At first glance, you can tell there’s something special — something different — about Louis Zamperini.
He wears a cardinal USC hat and is 92 years old, but he’ll forgive you for thinking he’s 60. Most men his age are confined to their homes, but you can tell that Zamperini doesn’t live that life. In fact, he probably does more physical activity than the average 30-year-old. He’d challenge you to a skateboard race, but he quit about 10 years ago when he did exactly that and broke his collarbone.
Up until two years ago, Zamperini would also race you down the mountain skiing double black diamonds. As a 92-year-old, he performed moves I don’t dare try on a bunny slope.
He still trims trees and bushes with his chain saw and trash talks during the nine holes of golf he regularly plays with men 30 years his junior.
But these characteristics are a by-product of his story — the story that he leaves home to tell four or five times per month, as he did on Wednesday to USC students at the Catholic Center. These characteristics only partially explain why Zamperini is the greatest and most inspirational Trojan alive.
“You just have to be around him for five minutes to know what kind of influence he has on others. He can motivate and inspire,” said USC track and field director Ron Allice, who established the annual Zamperini Award for the most inspirational person on the team.
It’s not hard to understand why.
Zamperini should be dead. In fact, for just about a year, he was. His parents got a death certificate signed by former President Franklin Delano Roosevelt more than a year after his plane crashed in the middle of the Pacific Ocean while he was on a search-and-rescue mission in 1943.
As his plane was sinking, Zamperini tried to wriggle free, but was entangled by wires. He finally gave up hope and lost consciousness.
That is, until he found himself alive, awake and floating inside the plane. He used his USC class ring, which latched onto a hook on the plane, to pull himself out the window of his old life and up to the surface of his new one. Upon reaching the surface, he snagged the tail of a life raft that was about to drift off.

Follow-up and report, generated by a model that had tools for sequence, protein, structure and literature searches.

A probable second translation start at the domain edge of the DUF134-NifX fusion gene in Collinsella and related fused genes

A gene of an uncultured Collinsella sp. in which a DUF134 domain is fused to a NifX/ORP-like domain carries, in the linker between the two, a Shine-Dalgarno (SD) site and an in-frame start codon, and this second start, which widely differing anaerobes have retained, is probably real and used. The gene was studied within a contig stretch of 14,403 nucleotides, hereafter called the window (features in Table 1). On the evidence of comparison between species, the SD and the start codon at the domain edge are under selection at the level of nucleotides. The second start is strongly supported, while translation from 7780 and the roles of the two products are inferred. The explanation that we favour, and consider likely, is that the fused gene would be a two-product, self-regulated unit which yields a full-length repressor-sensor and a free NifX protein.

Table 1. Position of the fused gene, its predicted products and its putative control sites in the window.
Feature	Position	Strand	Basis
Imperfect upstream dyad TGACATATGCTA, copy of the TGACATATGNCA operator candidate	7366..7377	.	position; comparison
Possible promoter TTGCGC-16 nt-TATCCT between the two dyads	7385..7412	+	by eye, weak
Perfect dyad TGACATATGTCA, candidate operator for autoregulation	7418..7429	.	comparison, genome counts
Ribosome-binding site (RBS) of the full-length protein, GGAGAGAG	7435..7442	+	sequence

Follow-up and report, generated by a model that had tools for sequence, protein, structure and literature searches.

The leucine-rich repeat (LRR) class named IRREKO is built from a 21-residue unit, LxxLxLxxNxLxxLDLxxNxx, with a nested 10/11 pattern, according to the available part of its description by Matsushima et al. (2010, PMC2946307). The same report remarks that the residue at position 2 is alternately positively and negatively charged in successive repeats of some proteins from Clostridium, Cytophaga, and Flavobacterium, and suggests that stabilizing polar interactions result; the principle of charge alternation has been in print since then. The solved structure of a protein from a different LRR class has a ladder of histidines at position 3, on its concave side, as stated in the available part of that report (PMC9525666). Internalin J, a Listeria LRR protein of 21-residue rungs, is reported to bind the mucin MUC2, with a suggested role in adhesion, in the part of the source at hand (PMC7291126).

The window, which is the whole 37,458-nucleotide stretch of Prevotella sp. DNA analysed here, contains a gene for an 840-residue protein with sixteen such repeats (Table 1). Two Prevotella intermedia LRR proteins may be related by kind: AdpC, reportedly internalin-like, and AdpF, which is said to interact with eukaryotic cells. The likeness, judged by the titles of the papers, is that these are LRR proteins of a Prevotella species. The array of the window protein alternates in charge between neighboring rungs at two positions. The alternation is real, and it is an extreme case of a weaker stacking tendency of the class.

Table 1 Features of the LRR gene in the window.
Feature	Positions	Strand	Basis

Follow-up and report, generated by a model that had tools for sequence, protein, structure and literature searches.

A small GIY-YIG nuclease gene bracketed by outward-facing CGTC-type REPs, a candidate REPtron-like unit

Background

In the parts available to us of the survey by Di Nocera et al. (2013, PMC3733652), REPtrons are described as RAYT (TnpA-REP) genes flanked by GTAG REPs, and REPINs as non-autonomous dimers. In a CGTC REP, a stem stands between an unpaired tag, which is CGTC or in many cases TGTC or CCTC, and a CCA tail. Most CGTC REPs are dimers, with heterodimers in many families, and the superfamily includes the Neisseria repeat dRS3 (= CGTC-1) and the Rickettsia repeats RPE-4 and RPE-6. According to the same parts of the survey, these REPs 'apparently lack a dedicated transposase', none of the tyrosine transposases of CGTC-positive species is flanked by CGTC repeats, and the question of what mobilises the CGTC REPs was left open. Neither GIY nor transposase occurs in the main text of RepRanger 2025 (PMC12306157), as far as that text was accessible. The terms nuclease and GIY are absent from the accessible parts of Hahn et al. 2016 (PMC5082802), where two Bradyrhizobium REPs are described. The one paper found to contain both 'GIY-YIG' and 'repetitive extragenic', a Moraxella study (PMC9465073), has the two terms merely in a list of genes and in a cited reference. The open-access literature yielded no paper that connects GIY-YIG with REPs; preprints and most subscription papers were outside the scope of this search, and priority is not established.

Zamperini, who converted to Christianity a few years after World War II ended, has only one explanation for how he managed to escape the grip of the wires while unconscious.
“There was no way I could have gotten loose by another human. A miracle took place. God saved me,” he said.
You’ll understand, then, why he hates how the word “miracle” is thrown around too loosely and too often today — he doesn’t even use it to describe the other two plane crashes he survived.
So his prize for escaping death? Living on a life raft with two other survivors in the middle of the Pacific Ocean — for 47 days. He fed on raw fish and albatross; when you’re hungry, you’ll eat anything.
“It was like a hot fudge sundae with whipped cream,” Zamperini said.
The story doesn’t end there. On the 48th day, he was picked up by Japanese sailors and put in a prisoner-of-war camp for two and a half years.
During those years, he endured taunts, torture, betrayal, dehydration, attacks by insects and experimental injections. Once, a guard known as “the Bird” struck him on the temple with a brass belt buckle. After asking Zamperini to take the toilet paper off his head that he was using to stop the bleeding, the guard hit him again.
But Zamperini survived using the mental strength he obtained when he was a kid running the mile. He held the high school world record for 20 years and the national collegiate record for 15. He raced in the 1936 Olympics in Berlin and shook the hand of Hitler himself.
Zamperini was freed after the war ended. After becoming a Christian in the ’50s, he has since forgiven every Japanese guard who wronged him, including the Bird.
It would be impossible to guess that Zamperini went through all this torture because he is so upbeat and positive these days. He has to be — it’s who he is. His heart is twice the size he is.
“If you’re in any kind of conversation with him, everything is positive. He is a very inspirational person just in his day-to-day actions and life philosophy. He’s not ordinary,” Allice said.
It’s hard to be ordinary when you hold the record for most Olympic torches carried (five) and you have a Nazi flag in your closet drawer that you stole from a bar at the Olympics when you had a little too much to drink. But not many 92-year-olds have done, or can do, the things on Zamperini’s résumé.
The next time you walk through the gates of Cromwell Field, take a look to your right. You’ll see a fountain with the name of the plaza above it. It’s the name of the most inspirational Trojan alive.
And you’ll know why the crowd at the Catholic Center gave him a standing ovation.
“Spittin’ Sports” runs Fridays. To comment on this article, visit dailytrojan.com or email Kenny at firstname.lastname@example.org.